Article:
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  • Author or Editor: David Sugar x
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`Comice' pears (Pyrus communis) harvested early in the maturity range needed 25-31 days of storage at 0 °C to develop the capacity to ripen to an average firmness of 5 lbf within 5 days after being moved to 20 °C. After 24 h exposure to 100 ppm ethylene at 20 °C applied immediately after harvest, 17-27 days additional chilling were needed to develop ripening capacity, while ethylene exposure for 48 hours required an additional 7-17 days chilling. After 72 h ethylene exposure, ripeness was achieved within 5 days following 3 days cold storage, the minimum duration tested. Similar results were obtained when the sequence of ethylene treatment followed by cold storage was reversed. This technique may be applied to reduce the amount of time that `Comice' pears must be stored after harvest before marketing fruit with the capacity to ripen.

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Mancozeb (Manzate 200) and kaolin (Surround WP) were applied individually and in combination in a commercial pear (Pyrus communis) orchard by air-blast sprayer in two growing seasons and in a research orchard by handgun sprayer in four growing seasons. Mancozeb was applied at 50% bloom, petal fall (PF), PF + 2 weeks and PF + 4 weeks, while kaolin and mancozeb + kaolin were applied at PF, PF + 2 weeks and PF + 4 weeks. Both materials reduced russet in both years of the commercial orchard trial and in 2 years of the research orchard trial. In one trial, kaolin treatment reduced russet to a greater extent than did mancozeb, and in one trial the combination of mancozeb plus kaolin reduced russet to a greater extent than either material alone. The year with the greatest amount of russet was the year with the most rainfall, and the year with the least russet was the year with the least rainfall. Considering that mancozeb may be used in pear orchards for suppression of pear scab (Venturia pirina) and pear psylla (Cacopsylla pyricola), and kaolin may be used for suppression of pear psylla, russet reduction by each of these materials adds to their multipurpose utility.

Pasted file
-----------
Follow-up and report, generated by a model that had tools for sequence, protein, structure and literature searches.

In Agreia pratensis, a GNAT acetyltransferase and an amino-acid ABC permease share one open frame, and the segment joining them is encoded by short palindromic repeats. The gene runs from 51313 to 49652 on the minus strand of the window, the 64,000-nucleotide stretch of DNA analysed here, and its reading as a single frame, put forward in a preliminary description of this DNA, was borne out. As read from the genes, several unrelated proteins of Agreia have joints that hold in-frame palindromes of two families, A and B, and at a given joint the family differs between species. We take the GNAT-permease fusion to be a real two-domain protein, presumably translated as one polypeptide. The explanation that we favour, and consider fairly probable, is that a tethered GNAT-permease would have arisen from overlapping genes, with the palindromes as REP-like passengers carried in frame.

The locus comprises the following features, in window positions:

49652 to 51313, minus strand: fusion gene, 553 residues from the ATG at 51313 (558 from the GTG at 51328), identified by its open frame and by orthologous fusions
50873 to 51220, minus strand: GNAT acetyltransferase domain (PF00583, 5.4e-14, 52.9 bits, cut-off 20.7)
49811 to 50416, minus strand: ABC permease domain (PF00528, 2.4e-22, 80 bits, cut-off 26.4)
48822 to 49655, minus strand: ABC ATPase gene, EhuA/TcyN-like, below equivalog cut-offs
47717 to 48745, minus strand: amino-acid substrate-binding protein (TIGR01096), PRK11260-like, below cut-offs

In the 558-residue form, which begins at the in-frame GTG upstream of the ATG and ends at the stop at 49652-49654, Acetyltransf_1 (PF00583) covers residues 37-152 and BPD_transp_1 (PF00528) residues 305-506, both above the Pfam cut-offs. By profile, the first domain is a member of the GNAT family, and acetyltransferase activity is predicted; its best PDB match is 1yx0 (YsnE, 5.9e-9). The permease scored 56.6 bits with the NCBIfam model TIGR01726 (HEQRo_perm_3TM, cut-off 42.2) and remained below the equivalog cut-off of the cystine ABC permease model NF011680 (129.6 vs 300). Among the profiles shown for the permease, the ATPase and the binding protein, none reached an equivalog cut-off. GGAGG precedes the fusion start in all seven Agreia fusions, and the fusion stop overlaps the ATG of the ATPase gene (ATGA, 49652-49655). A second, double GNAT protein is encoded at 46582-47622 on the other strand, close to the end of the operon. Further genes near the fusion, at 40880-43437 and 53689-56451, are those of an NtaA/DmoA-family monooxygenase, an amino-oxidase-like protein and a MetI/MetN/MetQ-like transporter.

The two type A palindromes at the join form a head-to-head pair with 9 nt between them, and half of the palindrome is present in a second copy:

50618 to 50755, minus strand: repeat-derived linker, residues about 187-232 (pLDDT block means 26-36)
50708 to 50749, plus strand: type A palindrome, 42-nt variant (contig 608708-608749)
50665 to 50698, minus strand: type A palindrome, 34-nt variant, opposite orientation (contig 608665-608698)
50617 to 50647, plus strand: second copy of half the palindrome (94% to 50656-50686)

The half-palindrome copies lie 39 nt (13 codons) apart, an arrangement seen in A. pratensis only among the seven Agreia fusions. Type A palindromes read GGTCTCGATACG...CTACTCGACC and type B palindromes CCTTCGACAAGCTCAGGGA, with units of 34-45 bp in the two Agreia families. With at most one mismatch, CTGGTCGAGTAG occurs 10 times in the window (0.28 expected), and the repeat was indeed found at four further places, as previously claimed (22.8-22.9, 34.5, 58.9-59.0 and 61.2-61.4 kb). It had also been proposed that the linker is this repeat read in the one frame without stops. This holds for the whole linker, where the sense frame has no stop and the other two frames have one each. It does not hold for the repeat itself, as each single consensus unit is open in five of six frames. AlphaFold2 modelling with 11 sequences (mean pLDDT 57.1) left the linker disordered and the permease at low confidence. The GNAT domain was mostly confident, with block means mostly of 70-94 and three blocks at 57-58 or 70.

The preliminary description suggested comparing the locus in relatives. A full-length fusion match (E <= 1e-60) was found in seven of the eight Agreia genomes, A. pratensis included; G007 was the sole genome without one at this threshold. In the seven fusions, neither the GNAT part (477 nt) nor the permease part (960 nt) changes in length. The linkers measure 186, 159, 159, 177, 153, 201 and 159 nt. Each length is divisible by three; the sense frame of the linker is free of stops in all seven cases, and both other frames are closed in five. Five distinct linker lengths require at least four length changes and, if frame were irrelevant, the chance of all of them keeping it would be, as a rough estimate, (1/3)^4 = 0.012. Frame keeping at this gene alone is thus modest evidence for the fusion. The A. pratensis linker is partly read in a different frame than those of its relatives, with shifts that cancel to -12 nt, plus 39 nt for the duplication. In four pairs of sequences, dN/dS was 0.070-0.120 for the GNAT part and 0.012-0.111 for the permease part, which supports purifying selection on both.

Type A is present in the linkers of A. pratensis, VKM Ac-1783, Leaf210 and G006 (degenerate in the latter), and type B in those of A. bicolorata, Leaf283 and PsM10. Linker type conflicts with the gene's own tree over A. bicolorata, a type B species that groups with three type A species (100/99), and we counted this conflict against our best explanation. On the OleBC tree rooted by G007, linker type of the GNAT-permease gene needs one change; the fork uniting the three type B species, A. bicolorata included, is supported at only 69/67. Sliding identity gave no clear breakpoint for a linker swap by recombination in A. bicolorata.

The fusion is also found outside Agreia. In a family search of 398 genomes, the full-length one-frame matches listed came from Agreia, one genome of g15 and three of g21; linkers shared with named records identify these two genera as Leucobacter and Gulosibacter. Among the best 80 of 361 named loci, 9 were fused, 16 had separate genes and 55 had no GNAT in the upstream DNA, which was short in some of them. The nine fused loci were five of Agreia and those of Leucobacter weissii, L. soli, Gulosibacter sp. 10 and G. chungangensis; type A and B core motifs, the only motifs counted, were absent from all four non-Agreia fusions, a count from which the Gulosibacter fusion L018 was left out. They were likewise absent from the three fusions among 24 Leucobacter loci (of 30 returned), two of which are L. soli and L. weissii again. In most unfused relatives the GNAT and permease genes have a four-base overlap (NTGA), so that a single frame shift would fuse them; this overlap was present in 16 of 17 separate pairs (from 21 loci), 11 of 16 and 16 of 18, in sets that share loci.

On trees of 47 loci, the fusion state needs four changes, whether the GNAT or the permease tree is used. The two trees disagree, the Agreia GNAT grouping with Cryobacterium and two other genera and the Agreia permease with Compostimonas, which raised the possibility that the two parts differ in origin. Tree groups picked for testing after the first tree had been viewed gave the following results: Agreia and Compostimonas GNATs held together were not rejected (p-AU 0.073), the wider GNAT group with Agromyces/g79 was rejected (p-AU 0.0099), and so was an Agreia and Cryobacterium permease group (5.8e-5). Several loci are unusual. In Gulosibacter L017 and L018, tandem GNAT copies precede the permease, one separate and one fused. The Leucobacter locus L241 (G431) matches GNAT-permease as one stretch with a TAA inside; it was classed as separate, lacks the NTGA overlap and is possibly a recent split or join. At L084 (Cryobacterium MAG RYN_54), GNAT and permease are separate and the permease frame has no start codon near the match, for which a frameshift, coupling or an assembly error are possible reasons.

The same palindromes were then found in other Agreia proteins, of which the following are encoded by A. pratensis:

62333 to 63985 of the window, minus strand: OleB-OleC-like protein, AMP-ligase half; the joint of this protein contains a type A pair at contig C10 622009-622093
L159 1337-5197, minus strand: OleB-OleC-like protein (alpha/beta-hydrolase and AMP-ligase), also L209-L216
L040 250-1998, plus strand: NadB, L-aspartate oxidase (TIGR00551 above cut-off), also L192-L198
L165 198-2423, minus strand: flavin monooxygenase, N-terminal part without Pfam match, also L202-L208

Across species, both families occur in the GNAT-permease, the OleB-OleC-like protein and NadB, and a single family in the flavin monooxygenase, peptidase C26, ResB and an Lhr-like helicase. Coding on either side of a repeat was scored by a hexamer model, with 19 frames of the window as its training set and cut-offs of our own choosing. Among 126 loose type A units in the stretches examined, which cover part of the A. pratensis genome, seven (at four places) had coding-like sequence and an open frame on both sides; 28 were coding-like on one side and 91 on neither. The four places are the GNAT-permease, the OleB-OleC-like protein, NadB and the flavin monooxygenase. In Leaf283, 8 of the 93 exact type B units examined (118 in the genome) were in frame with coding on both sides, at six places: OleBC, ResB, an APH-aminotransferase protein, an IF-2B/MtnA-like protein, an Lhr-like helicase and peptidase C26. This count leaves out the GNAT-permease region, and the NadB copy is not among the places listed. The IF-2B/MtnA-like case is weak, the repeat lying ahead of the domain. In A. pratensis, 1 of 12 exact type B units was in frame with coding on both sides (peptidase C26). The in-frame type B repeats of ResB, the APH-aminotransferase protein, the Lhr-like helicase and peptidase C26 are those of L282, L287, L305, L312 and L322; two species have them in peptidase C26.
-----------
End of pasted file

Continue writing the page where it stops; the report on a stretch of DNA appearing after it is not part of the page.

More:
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Management of pear (Pyrus communis L.) trees for low N and high Ca content in the fruit reduced the severity of postharvest fungal decay. Application of N fertilizer 3 weeks before harvest supplied N for tree reserves and for flowers the following spring without increasing fruit N. Calcium chloride sprays during the growing season increased fruit Ca content. Nitrogen and Ca management appear to be additive factors in decay reduction. Fruit density and position in the tree canopy influenced their response to N fertilization. Nitrogen: Ca ratios were lower in fruit from the east quadrant and bottom third of trees and from the distal portion of branches. High fruit density was associated with low N: Ca ratios. Nutritional manipulations appear to be compatible with other methods of postharvest decay control.

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Over-tree sprinkler irrigation cooling treatments were applied to `Sensation Red Bartlett' pear trees during the final 30 days of fruit maturity in 1992 and 1993 when orchard air temperatures were >29 °C. Fruit from cooled trees were more red and less yellow than fruit from noncooled trees, resulting in lower hue values by the middle of the harvestable maturity period in both years of study. In 1992, cooled fruit had a greater portion of the fruit surface covered with red blush than fruit that were not cooled. Fruit firmness decreased more rapidly in fruit from cooled trees than in fruit from noncooled trees, indicating advanced maturity. Accordingly, cooled fruit should be harvested earlier than noncooled fruit to maintain postharvest quality. Differences between cooled and noncooled fruit with respect to hue, surface blush, and rate of firmness loss were more pronounced in a warm season requiring frequent cooling than in a cooler season.

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